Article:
I have mourned the state of the lagoons I grew up with as a kid for some time now, and it has been even difficult to be out there, whether the land of the Biting Flies, the Indian River Lagoon, or the Banana River; they've change a lot. I remember having to wade with great care at the berm in the Scottsmoor and Shiloh area. The grass was so high and thick there that it curled over on itself. When I moved back from the mountains there was still plenty of grass in the early parts of 2000, and the winters saw schools of reds in the Mosquito Lagoon, in clear water, numbering in the hundreds if not thousands. I moved away again to the other side of 75 and eventually started heading back this way. Somewhere between 2012 and 2014 I went camping with some friends on the spoil islands, and it was shocking to see the loss of grass in the Mosquito. The floor of the Lagoon looked like the top of my head, areas where there use to be thick grass filled with pigfish, clams and crustaceans, the perfect nursery, looked more like the surface of the moon. It's one of my favorite places in the whole world. My great grandparents settled there at the beginning of the 1900s, and my grandmother went to the old brick school in New Smyrna Beach. They lived in Oakhill on U.S. 1 when it was a dirt road, and my grandma worked at Nasa for about 25 years before she retired, so me and my brother spent a lot of time on the three Lagoons and the ICW, fishing from Jacksonville to Miami, and occasionally on the Gulf Coast, but the Lagoons were like home to us.
It's never been a perfect area, it didn't get the name Mosquito Lagoon because of the way it's shaped, and the no-see-ums can be maddening on a still day near the shore. I have had the pleasure of being stalked by a very large gator while wade fishing there, and stuck paddling a boat on a windy day when the outboard broke and the trolling motor ran out of juice. I still don't see the big schools of reds, but this last weekend I went out on the Lagoon and found a lot of grass, better visibility then I have seen in a while, and we caught some healthy trout. I hope this signals an upturn, and I hope people will quit putting in HOAs that create runoff, the kind that bears everyone's over fertilization and herbicides. I saw mainly the narrow, more cylindrical types of seagrass, none of the broader leaf that reminds you of Val or Dwarf Sagittaria, like the turtle grass down south. It was like glass out there the other day, and for the first time it seemed like a window into my past, a place that I hadn't just imagined, it was beautiful and overwhelming.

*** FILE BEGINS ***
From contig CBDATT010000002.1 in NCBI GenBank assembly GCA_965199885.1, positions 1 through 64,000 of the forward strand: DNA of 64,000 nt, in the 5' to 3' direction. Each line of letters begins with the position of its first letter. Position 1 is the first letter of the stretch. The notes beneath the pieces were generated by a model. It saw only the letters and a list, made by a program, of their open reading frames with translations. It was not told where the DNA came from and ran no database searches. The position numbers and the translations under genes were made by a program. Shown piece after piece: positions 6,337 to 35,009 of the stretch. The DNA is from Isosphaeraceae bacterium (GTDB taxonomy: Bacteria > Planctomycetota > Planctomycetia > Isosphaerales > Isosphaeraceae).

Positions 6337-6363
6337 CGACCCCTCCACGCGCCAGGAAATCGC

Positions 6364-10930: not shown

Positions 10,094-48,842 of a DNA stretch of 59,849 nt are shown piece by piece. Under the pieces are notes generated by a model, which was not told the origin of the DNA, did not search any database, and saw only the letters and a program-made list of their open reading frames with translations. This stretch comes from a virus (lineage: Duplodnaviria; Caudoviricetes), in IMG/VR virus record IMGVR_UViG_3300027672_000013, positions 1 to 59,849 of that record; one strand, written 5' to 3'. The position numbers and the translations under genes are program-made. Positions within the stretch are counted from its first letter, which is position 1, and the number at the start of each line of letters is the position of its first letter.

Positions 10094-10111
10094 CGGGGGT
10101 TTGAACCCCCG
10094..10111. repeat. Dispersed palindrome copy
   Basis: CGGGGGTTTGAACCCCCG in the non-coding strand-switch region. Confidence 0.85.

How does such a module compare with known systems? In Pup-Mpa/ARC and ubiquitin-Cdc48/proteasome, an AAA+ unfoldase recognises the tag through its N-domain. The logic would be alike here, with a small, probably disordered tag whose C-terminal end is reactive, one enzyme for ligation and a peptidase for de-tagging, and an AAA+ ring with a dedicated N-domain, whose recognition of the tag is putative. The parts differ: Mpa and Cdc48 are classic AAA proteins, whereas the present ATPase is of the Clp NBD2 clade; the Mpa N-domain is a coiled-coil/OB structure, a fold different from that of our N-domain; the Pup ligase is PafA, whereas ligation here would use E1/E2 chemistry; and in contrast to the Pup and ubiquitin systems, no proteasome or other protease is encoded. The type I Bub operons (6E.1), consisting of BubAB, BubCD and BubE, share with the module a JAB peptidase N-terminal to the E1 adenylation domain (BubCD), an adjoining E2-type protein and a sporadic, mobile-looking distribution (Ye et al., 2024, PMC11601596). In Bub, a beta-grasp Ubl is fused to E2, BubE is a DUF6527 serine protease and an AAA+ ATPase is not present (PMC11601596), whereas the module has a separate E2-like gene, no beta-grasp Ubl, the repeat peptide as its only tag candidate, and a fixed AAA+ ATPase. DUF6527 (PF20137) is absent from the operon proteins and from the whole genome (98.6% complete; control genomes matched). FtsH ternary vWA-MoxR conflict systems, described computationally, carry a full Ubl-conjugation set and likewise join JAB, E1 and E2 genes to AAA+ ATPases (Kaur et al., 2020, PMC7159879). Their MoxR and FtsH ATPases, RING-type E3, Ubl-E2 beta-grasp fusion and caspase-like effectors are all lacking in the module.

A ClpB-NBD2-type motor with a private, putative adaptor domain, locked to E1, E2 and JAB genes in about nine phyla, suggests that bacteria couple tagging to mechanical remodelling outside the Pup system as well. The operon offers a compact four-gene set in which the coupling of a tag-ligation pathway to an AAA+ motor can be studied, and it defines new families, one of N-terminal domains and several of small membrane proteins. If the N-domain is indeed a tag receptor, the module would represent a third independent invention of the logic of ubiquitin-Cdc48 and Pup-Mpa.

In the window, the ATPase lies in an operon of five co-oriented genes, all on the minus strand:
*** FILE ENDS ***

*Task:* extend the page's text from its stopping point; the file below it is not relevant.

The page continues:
The fishing was good, couldn't get the bigger reds to bite, but we could see them, and maybe we were a bit too aggressive and out of practice for such a calm day. We caught most of them on a Salt Strong Bomber in Slim Shady, a very reliable color almost anywhere. I also caught a few trout on a chartreuse jig. My little brother gave me an awesome jig head and I was able to find them here on line. Some places sell one under the same name but it doesn't have the clip. I like the clip because it allows me to change hooks to the size of my lure and as a bass fishermen I have plenty of EWG hooks in various sizes. The jig is called a SnakelockZ and I found it here.
I also did some exploring and Geocaching with Lily, found another old sugar mill with a pretty garden up in Port Orange called Bongo Land Ruins. Its been a good week off.